-Alan Devoe, Our Animal Neighbors, p,34

The old woods road approaches a stand of Hemlock, the ravine is to the left; field B to the right.

The ravine or gully drops away to our left. Its steep sides are home to both Hemlock (left) and Sugar Maple (right) , together with Black Birch and Shagbark Hickory. These are large, old trees; the slope was too steep to farm, and even logging may have been tricky. The apparent whitewash on the Sugar Maple helps tell you that it is indeed a Sugar Maple – the white comes from a species of crustose lichen found mainly on this tree species.

Those are big, old Sugar Maple. Here, Otter is standing beside one that grows on the west bank of the ravine.

Photo Location D: Coming back out of the ravine we arrived to field D. the southwestern corner of this area had puzzled us in the old aerials, but apparently it is spot which, because it is the steepest part of this field, reverted to forest earlier. Even in the aerials from the 1940s, this corner is invaded by shrubs if not saplings. Its botanical trajectory is a mystery but it is now, in part, a stand of Big Tooth Aspen, an aspen species that tends to favor somewhat drier soils than Trembling (aka Quaking) Aspen.

Admittedly, the Big Tooth Aspen trunks do not stand out in this photograph. The bark of older trees tends to get dark and furrowed, losing the lighter, dusted green that characterizes the bark of many aspen. White Birch is however evident as are the White Pine. All are “early successional trees” and mark this forest as one that came in after the land was opened.

Their bark may not stand out in my photos, but there is no mistaking Big Tooth Aspen’s oval, coarsely toothed leaves, scattered on the ground amongst the Red Oak leaves.

Venturing farther into D, the White Pine are evidently older. The field may have not reverted to forest in abrupt entirety, and these trees may have been the earlier invaders. Note how many of these are multi-trunked. While such trunks would suggest logging in some, stump-sprouting species, these are actually low splits in the trunk rather than multiple stems. Apparently, this might be the damage of White Pine Weevil – a native insects that kills the leaders of open-growing White Pines. When the leader dies, side branches take over the upward growth and, when more than one side branch heads skyward, multiple trunks can result. The abundance of multiple trunked White Pine here suggests that these trees grew up in an open field.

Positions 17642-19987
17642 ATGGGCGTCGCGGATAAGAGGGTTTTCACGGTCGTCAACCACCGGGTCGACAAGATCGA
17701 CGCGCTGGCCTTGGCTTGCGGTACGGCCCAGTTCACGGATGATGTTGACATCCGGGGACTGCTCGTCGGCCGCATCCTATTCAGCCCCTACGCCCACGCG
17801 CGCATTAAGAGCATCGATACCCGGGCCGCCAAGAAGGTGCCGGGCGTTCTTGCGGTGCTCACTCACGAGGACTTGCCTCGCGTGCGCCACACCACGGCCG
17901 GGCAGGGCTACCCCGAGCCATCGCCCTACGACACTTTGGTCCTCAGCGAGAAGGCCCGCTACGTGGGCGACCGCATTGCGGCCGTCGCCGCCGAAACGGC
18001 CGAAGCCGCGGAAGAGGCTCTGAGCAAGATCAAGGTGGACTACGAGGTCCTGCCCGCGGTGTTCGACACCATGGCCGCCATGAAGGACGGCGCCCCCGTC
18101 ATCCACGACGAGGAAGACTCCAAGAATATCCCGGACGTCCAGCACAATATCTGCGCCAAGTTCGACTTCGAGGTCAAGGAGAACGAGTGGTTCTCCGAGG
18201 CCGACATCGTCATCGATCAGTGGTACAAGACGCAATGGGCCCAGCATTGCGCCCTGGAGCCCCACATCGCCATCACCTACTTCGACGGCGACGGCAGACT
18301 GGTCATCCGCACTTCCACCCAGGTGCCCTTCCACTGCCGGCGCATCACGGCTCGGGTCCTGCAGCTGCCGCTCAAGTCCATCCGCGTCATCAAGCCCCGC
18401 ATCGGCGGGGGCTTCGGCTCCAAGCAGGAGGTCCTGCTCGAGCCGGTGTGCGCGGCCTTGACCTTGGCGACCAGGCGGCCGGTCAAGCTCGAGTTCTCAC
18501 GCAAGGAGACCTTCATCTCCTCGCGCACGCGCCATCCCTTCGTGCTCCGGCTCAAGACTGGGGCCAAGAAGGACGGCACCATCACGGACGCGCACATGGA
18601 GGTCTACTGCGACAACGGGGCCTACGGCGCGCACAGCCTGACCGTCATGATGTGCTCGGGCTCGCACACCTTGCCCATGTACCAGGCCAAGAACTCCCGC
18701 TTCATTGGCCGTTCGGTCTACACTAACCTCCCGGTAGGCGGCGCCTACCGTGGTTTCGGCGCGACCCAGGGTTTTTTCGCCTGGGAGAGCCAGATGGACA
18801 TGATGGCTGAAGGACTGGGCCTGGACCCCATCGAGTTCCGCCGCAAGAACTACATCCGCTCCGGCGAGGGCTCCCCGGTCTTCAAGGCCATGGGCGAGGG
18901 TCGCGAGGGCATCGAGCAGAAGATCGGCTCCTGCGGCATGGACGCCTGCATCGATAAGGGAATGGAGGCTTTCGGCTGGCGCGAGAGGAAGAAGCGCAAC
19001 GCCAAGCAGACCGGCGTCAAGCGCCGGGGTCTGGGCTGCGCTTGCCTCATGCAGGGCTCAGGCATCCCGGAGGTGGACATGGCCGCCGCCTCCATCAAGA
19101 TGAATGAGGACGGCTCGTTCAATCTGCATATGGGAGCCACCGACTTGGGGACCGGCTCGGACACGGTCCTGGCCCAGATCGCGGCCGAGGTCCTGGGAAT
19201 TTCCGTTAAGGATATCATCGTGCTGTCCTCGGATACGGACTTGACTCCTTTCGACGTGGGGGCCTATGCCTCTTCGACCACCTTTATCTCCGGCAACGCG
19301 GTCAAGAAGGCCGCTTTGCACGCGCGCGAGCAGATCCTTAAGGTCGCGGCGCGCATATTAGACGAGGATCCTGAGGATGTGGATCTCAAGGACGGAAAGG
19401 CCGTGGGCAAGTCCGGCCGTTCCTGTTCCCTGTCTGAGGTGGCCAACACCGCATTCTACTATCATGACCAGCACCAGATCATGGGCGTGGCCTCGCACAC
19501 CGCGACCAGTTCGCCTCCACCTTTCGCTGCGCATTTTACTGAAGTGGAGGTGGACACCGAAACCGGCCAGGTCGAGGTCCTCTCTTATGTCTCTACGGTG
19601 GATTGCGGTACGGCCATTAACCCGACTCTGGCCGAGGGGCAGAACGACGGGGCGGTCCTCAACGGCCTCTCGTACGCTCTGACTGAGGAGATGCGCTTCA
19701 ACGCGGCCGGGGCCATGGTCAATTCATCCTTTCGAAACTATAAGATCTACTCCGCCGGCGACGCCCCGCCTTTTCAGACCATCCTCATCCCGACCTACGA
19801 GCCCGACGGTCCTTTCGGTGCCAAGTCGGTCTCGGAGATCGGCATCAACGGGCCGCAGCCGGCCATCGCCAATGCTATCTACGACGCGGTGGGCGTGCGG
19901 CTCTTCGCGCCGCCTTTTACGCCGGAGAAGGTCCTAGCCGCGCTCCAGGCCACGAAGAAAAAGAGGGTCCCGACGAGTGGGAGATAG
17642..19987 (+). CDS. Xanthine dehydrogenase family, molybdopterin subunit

Some parts of the forests of D section, and the adjacent parcels to the north, showed evidence of a reversion to forest from grazing: this is barberry and this ….

is a Multiflora Rose tangle. The presence of such thorny shrubs together with Red Cedar (not shown here) suggest that woody plants initially were entering a field with active grazers. Grazers tend to avoid such spiney fare and so give such plants footholds in the early forest.

This ground shot hints at another fact about this part of the forest: it had wet spots and even patches of standing water. Red Maple leaves are common in this image and, while this species occupies a broad ecological range, it is often found in wooded wetlands.

Photo Location E: What these woods used to look like – open field. These may have been the better soiled or logistically more favorable fields, and so were kept open. In part however their continued openness also reflects ownership patterns – these fields were part of Nat Snare’s Kamefield Farm, an active farm in Devoe’s time. During the rest of our jaunt, we had stayed in the well-storied, little-worked Devoe property.

This field has probably been through cultivation, pasturing and, now at least, haying. We are looking west.

“As I sit facing the open side to the east, I can see a dozen farms and far away to a low lying ridge of wooded hills. It is a panorama of rolling pasture land, dotted with darker green patches that are orchards and checkered by the boundary lines of ancient stone walls. The sunlight lies upon it all, burnishing the shocks of new-cut rye, sweetening the heavy-hanging apples on a thousand trees, distilling the smell of dew-wet meadows.”

-Alan Devoe, Phudd Hill, pp. 75-76.

Walking back west from the field, a look down suggests a new character has entered our play – those deeply incised oak leaves look a lot like the leaves of Scarlet Oak.

We now cross to the west side of the ravine. At this point, the ravine’s creek is a gentle meander out of a small wetland.

Photo Location G: The Phudd Hill erratic (star of a previous blog). Devoe knew of this rock, and, apparently, in his day it was still in an old pasture opening.